Lavinia Fontana (1552–1614), Portrait of Lucia Bonasoni Garzoni, c. 1590. Oil on canvas, 44 11/16 x 34 29/64 in. (113.5 x 87.5 cm). Gift of Funds from Anonymous in memory of Montana Walker Strauss and Patrons’ Permanent Fund, National Gallery of Art, 2022.38.1. Courtesy of the National Gallery of Art, Washington, DC
CALL FOR PAPERS
Women in Art and Music: An Early Modern Global Conference
Wednesday, October 18, 2023 The Juilliard School, New York, NY
Friday, October 20, 2023 Center for Advanced Study in the Visual Arts, National Gallery of Art, Washington, DC
The Juilliard School, New York, and the Center for Advanced Study in the Visual Arts, National Gallery of Art, Washington, DC, are excited to announce a co-hosted global interdisciplinary symposium on women in art and music in the early modern period (ca. 1500–ca. 1800). Our goal is to think broadly about women as creators, as part of the cultural and global economy, and as experts in their chosen field of art. We suggest that visual art and musical performance were so tightly enmeshed at this time as to form their own language, particularly in women-centered spaces. We, therefore, seek a new way of addressing this shared space—not necessarily as an interdisciplinary zone where art and music always converge—but one in which modes of creation are shared in codependent and overlapping ways in the early modern period.
The National Gallery of Art’s recent acquisition of the Bolognese painter Lavinia Fontana’s portrait of 16th-century Bolognese singer and lute player, Lucia Bonasoni Garzoni (b. 1561)—the first painting by an early modern Italian woman artist to enter the museum’s collection—is the impetus for this interdisciplinary conference. A prolific artist, Fontana depicts Garzoni in an exquisite and highly detailed portrait alongside her lute, displayed on the table next to a score which accurately represents music for a lute with soprano voice. We might imagine these notes emanating from her instrument in concert with her dulcet voice, garnering her the praise she received from her literary contemporaries and poets, as one asserted, “And the host of the Graces, and the whole array of Virtues, testify to this in singing her glories and honors.”
On April 23, 1595, Lavinia Fontana’s eleventh and last-born child was baptized in Bologna, and documents show that none other than Lucia Bonasoni Garzoni served as the child’s godmother, linking the two women together personally, in addition to professionally. This picture tells the story of two women, one a painter and the other a musician, who were able to overcome obstacles in a patriarchal society to succeed in the artistic spheres of painting and music. This early modern synergy between a painter and a singer will be the springboard for exploring how women succeeded as artists and musicians in the early modern period on a global stage, whether independently or collaboratively.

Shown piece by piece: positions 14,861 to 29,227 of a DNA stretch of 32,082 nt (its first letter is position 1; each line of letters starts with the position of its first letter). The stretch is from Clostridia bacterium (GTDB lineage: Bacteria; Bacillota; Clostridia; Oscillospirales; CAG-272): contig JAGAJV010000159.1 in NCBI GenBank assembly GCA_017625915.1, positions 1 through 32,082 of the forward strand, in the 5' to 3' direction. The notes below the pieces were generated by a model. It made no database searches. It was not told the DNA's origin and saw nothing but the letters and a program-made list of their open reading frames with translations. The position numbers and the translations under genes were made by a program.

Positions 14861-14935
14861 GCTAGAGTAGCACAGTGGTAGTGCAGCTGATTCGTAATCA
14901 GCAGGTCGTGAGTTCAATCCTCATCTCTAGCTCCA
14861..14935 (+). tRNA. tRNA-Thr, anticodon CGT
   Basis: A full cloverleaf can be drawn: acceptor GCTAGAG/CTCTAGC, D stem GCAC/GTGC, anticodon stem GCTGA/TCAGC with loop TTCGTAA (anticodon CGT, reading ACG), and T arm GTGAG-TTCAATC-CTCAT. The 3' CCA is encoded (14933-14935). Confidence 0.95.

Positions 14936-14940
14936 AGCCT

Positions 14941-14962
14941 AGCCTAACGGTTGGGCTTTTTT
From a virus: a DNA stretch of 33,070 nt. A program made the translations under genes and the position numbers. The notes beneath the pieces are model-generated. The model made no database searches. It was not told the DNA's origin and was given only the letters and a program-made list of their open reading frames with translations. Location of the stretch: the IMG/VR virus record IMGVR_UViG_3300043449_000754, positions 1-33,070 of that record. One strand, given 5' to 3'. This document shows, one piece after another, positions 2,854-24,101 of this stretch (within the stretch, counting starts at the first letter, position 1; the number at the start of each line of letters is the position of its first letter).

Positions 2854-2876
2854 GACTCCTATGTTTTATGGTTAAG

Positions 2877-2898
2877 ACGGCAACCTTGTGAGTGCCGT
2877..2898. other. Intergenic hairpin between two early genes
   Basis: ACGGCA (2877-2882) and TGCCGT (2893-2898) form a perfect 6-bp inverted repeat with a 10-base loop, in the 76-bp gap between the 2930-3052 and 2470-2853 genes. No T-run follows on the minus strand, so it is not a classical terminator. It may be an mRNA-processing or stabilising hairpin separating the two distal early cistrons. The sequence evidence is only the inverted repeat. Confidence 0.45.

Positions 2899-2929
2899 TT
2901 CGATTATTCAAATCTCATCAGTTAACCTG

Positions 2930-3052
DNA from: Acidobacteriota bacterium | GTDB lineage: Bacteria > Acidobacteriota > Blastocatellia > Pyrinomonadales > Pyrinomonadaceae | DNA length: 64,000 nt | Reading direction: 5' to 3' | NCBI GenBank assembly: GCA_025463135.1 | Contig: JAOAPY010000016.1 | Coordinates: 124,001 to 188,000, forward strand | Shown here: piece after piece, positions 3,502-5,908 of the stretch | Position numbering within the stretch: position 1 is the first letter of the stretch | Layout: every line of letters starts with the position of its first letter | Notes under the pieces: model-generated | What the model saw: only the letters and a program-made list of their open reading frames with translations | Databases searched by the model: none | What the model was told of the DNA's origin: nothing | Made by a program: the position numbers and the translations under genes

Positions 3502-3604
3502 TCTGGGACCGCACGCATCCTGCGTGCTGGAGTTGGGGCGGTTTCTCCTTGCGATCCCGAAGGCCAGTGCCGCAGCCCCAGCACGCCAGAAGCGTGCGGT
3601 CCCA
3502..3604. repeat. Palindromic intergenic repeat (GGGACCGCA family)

Early modern scholarship has recently suggested that identity is a process, a fluid phenomenon rather than fixed formation, in which the interaction between groups (be they national, religious, social, gendered, or racial) is the crucial point of study. What happens when we apply this idea to the realm of artistic identity? Some questions to consider: How does reading art and music as coexistent entities enhance our understanding of women in the early modern era? When women depicted or included other women in their art what were the societal ramifications? How did art and music-making offer women pathways for social advancement or even independence in the early modern period? How did issues of social class and race, in addition to gender, play into possible advances for women on the global stage in art and music?
We hope that the comingling of a museum and a conservatory will help to answer some of these questions in a lively and engaging symposium. Live music will be provided alongside papers at both institutions by the ensemble Sonnambula and musicians from Juilliard’s Historical Performance program, to reveal how crucial musical performance is to the study of music and the sister arts in the early modern period. Musicians will be on-hand to play any music discussed in papers as needed; public performances will also occur on both days of the symposium.
We invite paper submissions from scholars across the humanities that engage with early modern women as artists and/or musicians from the disciplines of history, music history, historical performance, and art history, in addition to other relevant disciplines. Papers are encouraged that consider cross-cultural connections in how they address issues of artmaking and performance, in both secular and religious contexts in Africa, the Americas, Asia, Europe, and beyond. Proposals that include music or performance as part of the talk are welcome. A selection of papers will be published following the conference in an edited volume published by the Center and distributed by Yale University Press.
To submit a proposal, please send the following by email to the co-organizers of the conference:
Dr. Eve Straussman-Pflanzer, Curator and Head of Italian and Spanish Paintings, National Gallery of Art email@example.com
Dr. Elizabeth Weinfield, Professor of Music History, The Juilliard School; Director, Sonnambula firstname.lastname@example.org
•A paper title (15-word maximum) •A paper abstract (250-word maximum) •CV/resume with your full name, affiliation, title (or “Independent Scholar”), and e-mail address